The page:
Garin Tzabar: Your Instant Community in Israel

Kibbutz Matzuva. Photo by Max Nathans https://www.flickr.com/photos/matzuva/

One of the outcomes of the worldwide quarantine due to the COVID-19 pandemic is that many people are rethinking the trajectory of their lives. Some young Jews around the world are considering a new beginning in Israel.  Garin Tzabar provides these young people with a unique opportunity to make Aliyah as part of a community.

“Garin Tzabar,” means “the seed of a sabra.” A sabra, or cactus pear, is a nickname for Israelis. Like a cactus pear, Israelis are prickly on the outside, and sweet and soft on the inside. People who join Garin Tzabar become part of a garin, or small group of their peers, before they go to Israel. Prospective members of the garin spend about four months getting to know each other in their country of origin while participating in seminars hosted by Garin Tzabar. Participants can join more tailored garinim, as the Tzabar program has tracks for pre-college, post-college, and more religious young adults. This is an opportunity to make sure that they are a good fit for this program, and for military service in Israel. At the end of four months, the garin is formed, and the group makes arrangements to make Aliyah

They travel to Israel as a group with their garin. When they arrive in Israel, they are welcomed to a kibbutz. This is their home for the next year. At the kibbutz they learn Hebrew in an ulpan and are introduced to Israeli culture. They take trips around Israel to learn about geography, history, and culture. They celebrate Shabbat and holidays with their garin. If they choose, members of the garin may have an “adoptive” family from the kibbutz. This is a nice opportunity to meet Israelis and have another source of support. Garin Tzabar also assists the members of the garin with all the bureaucratic aspects of getting ready for military service in the Israel Defense Forces.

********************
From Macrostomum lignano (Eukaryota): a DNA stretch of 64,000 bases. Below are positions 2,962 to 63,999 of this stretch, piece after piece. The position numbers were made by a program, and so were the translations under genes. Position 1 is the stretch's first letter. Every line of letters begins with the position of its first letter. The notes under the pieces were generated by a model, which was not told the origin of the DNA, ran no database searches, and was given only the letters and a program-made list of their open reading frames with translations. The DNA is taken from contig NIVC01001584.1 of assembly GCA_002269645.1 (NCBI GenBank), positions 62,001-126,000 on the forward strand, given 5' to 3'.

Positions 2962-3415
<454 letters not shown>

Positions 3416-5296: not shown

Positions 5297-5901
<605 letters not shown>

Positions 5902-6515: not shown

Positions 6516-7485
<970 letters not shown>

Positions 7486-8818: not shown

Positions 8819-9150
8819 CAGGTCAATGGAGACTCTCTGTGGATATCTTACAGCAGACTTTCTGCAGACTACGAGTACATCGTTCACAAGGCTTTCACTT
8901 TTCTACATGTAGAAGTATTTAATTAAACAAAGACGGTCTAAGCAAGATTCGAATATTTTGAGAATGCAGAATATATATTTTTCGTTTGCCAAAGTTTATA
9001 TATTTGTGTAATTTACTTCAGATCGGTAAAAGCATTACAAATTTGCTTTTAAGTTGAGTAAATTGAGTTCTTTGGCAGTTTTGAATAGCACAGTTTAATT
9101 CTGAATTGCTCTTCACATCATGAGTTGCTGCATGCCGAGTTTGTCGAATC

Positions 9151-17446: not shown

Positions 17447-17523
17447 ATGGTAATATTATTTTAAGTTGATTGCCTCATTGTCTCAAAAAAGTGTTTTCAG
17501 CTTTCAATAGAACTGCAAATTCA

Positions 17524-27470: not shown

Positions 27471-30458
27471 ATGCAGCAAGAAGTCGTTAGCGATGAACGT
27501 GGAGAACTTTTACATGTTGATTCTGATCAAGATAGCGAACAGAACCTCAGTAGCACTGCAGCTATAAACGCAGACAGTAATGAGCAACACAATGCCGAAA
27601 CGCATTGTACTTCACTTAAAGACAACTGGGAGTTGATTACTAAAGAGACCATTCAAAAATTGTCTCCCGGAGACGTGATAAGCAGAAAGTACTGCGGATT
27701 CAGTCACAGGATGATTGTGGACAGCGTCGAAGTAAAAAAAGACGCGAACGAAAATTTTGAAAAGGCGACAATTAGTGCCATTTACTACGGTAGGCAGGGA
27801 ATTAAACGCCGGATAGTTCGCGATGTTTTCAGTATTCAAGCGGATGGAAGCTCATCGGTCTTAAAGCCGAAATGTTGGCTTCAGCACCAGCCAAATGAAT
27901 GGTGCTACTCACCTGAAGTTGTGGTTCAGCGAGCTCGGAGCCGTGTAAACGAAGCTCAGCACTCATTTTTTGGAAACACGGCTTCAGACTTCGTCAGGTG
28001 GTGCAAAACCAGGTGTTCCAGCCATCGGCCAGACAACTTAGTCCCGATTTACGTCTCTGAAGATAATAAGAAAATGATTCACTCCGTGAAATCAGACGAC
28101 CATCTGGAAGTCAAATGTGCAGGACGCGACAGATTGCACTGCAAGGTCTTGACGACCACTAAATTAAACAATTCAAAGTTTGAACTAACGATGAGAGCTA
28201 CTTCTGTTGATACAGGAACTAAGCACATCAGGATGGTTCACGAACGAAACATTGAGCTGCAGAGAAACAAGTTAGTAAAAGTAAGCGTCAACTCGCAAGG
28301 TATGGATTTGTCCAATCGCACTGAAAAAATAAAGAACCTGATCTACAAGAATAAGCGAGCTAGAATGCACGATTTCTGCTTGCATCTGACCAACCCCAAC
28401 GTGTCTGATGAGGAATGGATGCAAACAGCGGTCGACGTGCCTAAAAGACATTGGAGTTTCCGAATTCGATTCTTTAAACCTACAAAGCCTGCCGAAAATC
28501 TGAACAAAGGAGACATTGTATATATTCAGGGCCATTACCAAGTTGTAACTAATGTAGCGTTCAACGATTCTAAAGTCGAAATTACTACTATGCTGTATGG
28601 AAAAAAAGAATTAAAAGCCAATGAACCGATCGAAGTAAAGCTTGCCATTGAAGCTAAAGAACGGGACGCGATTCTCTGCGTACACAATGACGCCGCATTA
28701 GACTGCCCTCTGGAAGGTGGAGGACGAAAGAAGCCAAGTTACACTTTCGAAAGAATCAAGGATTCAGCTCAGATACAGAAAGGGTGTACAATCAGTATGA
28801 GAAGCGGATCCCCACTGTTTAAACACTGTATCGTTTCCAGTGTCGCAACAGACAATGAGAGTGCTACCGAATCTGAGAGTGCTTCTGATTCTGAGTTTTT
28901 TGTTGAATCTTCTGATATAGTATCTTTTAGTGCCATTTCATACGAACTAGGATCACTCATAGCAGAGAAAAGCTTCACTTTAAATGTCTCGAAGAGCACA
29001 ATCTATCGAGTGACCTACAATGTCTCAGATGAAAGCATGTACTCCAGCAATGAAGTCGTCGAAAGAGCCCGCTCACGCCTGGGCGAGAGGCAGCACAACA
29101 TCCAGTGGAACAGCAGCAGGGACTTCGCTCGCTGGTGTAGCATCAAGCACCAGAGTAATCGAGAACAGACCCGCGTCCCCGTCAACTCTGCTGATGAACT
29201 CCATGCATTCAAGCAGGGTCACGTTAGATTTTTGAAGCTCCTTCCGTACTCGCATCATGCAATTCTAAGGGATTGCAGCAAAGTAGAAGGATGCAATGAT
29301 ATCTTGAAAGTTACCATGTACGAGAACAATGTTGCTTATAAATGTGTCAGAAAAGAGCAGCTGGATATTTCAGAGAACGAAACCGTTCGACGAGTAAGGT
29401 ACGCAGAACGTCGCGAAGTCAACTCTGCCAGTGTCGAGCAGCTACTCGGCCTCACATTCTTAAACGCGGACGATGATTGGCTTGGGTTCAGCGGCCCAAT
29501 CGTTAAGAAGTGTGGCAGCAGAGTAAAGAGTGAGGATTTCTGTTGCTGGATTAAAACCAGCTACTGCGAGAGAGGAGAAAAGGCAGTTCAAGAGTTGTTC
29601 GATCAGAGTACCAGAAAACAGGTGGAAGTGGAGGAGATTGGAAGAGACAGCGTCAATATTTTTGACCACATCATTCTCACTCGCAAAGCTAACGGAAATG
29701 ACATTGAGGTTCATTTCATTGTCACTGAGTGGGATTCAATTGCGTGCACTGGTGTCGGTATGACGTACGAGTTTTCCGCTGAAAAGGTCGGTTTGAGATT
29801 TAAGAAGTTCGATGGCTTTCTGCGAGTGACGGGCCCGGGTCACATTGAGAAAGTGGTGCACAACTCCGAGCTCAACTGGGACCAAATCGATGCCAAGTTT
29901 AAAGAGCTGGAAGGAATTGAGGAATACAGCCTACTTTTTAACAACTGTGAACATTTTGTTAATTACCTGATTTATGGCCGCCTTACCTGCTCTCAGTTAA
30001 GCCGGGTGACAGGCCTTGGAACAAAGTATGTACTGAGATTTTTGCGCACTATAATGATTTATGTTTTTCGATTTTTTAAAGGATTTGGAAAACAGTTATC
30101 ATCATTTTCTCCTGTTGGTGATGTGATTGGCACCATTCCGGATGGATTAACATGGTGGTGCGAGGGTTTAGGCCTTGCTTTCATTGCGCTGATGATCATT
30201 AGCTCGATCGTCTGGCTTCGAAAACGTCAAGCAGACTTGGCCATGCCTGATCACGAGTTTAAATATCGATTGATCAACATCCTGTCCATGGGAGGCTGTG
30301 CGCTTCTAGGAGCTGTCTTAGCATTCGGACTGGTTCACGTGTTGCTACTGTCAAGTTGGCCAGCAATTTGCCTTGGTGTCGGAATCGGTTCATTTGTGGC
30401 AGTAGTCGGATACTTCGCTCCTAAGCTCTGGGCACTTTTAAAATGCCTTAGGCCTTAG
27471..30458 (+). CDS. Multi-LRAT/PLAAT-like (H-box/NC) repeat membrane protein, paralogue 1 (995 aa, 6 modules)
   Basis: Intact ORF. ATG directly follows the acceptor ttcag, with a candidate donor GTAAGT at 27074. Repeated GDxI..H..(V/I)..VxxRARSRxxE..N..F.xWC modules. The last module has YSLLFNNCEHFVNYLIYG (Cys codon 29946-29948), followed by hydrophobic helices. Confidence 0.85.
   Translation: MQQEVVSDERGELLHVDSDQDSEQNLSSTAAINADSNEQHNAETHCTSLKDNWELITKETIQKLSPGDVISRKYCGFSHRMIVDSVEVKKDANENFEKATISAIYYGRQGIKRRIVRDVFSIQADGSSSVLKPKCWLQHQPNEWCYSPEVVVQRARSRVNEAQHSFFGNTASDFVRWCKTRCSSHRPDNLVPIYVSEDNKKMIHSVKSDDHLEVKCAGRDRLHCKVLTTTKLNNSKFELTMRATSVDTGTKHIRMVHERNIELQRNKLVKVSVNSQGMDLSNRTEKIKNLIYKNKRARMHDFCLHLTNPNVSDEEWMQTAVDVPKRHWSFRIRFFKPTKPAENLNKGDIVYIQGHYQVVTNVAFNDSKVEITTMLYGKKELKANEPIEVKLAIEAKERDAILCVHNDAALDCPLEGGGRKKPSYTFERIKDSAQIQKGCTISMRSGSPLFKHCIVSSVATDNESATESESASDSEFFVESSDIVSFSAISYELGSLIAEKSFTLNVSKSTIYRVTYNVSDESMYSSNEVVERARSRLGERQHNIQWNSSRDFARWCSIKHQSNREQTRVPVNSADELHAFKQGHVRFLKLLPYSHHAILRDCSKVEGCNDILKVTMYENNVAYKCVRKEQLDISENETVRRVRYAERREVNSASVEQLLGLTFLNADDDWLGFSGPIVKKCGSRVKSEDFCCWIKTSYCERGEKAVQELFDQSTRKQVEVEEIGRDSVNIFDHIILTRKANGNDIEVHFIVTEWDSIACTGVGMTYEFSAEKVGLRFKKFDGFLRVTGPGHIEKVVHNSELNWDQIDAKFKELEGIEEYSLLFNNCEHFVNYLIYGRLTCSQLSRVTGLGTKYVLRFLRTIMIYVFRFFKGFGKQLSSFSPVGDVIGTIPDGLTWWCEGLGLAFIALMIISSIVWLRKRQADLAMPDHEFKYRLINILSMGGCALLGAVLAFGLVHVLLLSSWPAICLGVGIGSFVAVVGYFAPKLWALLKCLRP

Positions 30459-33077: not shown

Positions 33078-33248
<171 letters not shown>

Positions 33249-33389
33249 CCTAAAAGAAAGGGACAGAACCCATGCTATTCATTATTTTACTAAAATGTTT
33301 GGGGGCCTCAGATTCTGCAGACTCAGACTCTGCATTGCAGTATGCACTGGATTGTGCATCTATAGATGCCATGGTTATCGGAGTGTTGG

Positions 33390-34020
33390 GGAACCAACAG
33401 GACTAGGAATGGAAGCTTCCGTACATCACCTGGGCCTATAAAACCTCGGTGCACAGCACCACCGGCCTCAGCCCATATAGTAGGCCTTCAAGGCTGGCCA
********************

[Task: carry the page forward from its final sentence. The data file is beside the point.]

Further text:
Mandatory military service is a rite of passage for Israelis. For those intent on moving there, military service is important to be accepted socially. It is also the melting pot that brings the strata of Israeli society together, including many new immigrants. For many, military service in the IDF is analogous to the college experience in the United States as a time for growth and development.  Because Israel is such a family focused society, and families typically support their young soldiers during their time off, it can be easy to feel isolated and alone for those who are serving in the IDF away from their families. New immigrants who come to Israel without their familial support network are designated as “lone soldiers.” Garin Tzabar supports these young lone soldiers before, during, and after their military service. It provides them with a home and a community during their period of service.  It also helps sort out any conflicts that may arise within the army if the soldiers’ rights are not respected. For anyone seriously weighing Aliyah as a life change, the Garin Tzabar community, seminars, and logistical assistance are invaluable.

At the end of their military service, members of the garin join an extensive alumni network. This continues to be a source of support as they adjust to life as civilians, students, and productive citizens of Israel. For many Garin Tzabar Alumni, the friendships they make during their time in the program are their “family for life.”

About the Author
Ronit Treatman is the food editor of The Philadelphia Jewish Voice, and the creator of Hands-On Jewish Holidays.
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